Dreaming Big: Army Lt. Heidi Beemer Takes One Step Closer to Mars

When it comes to dreams, living on Mars is one of the bigger ones.

Where once it seemed like an impossible wish, the goal of going to the red planet is getting closer and closer to becoming a reality for some people.  Specifically, the people in the running to be the first colonists of Mars via the non-profit Mars One mission (the private spaceflight project is led by Dutch entrepreneur Bas Lansdorp).

Concept art for the Mars One Capsule. (Mars One courtesy photo)

Concept art for the Mars One Capsule. (Mars One courtesy photo)

Hundreds of thousands of people applied, a thousand were chosen, and now, after the first round of cuts, we’re down to about 700 people vying for less than 25 positions.

Among the hopeful candidates is U.S. Army 1st Lt. Heidi Beemer. I’ve interviewed her, you might recall, before the first round of cuts.   I’m excited that she made it one step closer to achieving her ultimate dream.

I caught up with Heidi recently to get a glimpse at how much her life has changed in the last few months, and what the future holds for the military Mars One hopeful.

So!  You’ve made the next round of cuts for Mars One!  How do you feel about that?

“I’m very excited to be part of this process.  They went through a medical screening portion and they dropped about three hundred people from that. The pool is sitting at 705 right now.  I’m excited to be part of it.  I’m moving forward, same as I was before, but I’m excited for the next round.”

I know you’ve been spending some time speaking with kids.  Can you tell me about your “dream big” slogan and what it means to you?

Photo: Army Lt. Heidi Beemer speaks to students from the Ocean Lakes Math and Science Academy. (Army Lt. Heidi Beemer courtesy photo)

Army Lt. Heidi Beemer speaks to students at Rossview Elementry School in Clarksville, TN. (Army Lt. Heidi Beemer courtesy photo)

“Something that I’ve really enjoyed out of this whole process is the fact that I’ve been invited by schools.  I’ve been invited to come to their classes, to come to auditoriums full of kids, and even Skype kids at this point, from all across the world.  I just talk to them about my experiences of what I’ve done in my life so far, and how all of it was with the intention of one day becoming an astronaut and going to Mars.  So the slogan I’ve been putting out there is ‘dream big’.”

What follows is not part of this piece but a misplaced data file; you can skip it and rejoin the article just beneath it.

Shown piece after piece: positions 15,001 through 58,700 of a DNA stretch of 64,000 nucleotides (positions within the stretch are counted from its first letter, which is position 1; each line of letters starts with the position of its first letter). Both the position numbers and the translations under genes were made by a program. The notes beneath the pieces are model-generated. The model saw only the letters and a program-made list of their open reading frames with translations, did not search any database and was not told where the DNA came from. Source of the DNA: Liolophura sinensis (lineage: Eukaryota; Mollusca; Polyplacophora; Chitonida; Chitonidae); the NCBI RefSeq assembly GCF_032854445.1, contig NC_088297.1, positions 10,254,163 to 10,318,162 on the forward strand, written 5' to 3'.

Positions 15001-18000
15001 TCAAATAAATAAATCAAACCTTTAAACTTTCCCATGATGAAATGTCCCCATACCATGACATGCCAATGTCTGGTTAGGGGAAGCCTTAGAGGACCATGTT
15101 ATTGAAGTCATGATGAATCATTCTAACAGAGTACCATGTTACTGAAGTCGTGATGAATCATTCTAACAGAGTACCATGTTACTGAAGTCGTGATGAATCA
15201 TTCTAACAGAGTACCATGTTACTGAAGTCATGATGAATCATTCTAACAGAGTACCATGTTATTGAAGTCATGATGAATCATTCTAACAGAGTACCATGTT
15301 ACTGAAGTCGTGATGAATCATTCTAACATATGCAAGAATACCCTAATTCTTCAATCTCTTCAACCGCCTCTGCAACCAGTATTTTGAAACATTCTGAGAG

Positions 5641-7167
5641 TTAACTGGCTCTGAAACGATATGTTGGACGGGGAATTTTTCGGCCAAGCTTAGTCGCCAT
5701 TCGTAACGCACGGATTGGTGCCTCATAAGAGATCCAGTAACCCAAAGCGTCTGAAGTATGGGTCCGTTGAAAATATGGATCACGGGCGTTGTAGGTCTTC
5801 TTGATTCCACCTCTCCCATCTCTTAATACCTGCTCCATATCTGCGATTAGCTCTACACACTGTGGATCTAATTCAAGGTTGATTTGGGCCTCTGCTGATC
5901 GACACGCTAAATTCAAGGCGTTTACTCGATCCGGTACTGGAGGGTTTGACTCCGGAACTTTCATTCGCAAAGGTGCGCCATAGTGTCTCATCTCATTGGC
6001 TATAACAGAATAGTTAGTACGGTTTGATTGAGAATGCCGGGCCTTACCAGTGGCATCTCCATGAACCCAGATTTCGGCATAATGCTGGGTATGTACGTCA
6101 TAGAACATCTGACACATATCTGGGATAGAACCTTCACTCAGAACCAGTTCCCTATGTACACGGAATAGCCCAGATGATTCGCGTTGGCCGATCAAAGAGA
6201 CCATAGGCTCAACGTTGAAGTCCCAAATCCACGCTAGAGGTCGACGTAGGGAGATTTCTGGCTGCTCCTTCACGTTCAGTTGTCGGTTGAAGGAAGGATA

Where did the phrase come from?

“It’s actually something that was given to me by an astronaut, Naval Academy grad Dom Gorie.  He sent me a signed autograph and it said ‘dream big’.  It’s something that I’ve held on to since the beginning, and it’s something that I want to turn around and give back to the kids.  Not all of them are going to want to grow up to be astronauts, but they do have things that they’re considering, things they want to turn their life into.”

“It’s something that I keep giving back.  Showing kids that it doesn’t matter how you get there, what matters is that you have that passion in your heart and you look at every opportunity to make yourself better to get you closer to that goal.”

Why do you think it’s important to foster an interest in space exploration in children?

“Back in the day, in the 1960s, kids all across the country stopped and watched people land on the moon.  Since then, NASA and different space organizations have done great things.  They’ve put satellites into orbit around different planets, they’ve put robots on Mars.  They’ve done great things, but the human aspect [of it] has kinda stopped.  Through international cooperation they created the International Space Station, and we’ve learned how to live and operate in space, but the actual pushing of the frontier has stopped.”

“I think that’s something that, through Mars One, through companies like SpaceX, Virgin Galactic, and different companies in the private sector, are starting to look more towards putting humans back into space.  They’re looking into that exploration piece again.”

Why does this next generation matter for the future of the space program?

“This is something that these kids, in the next ten to twenty years, are going to actually see put into action and actually see come forward.  It’s going to be really important, especially with this generation, to foster that excitement for space again, and foster that exploration mentality.  This is so that, when these kids grow up, they can go to college and get degrees in things we’re going to need to make these dreams come true.”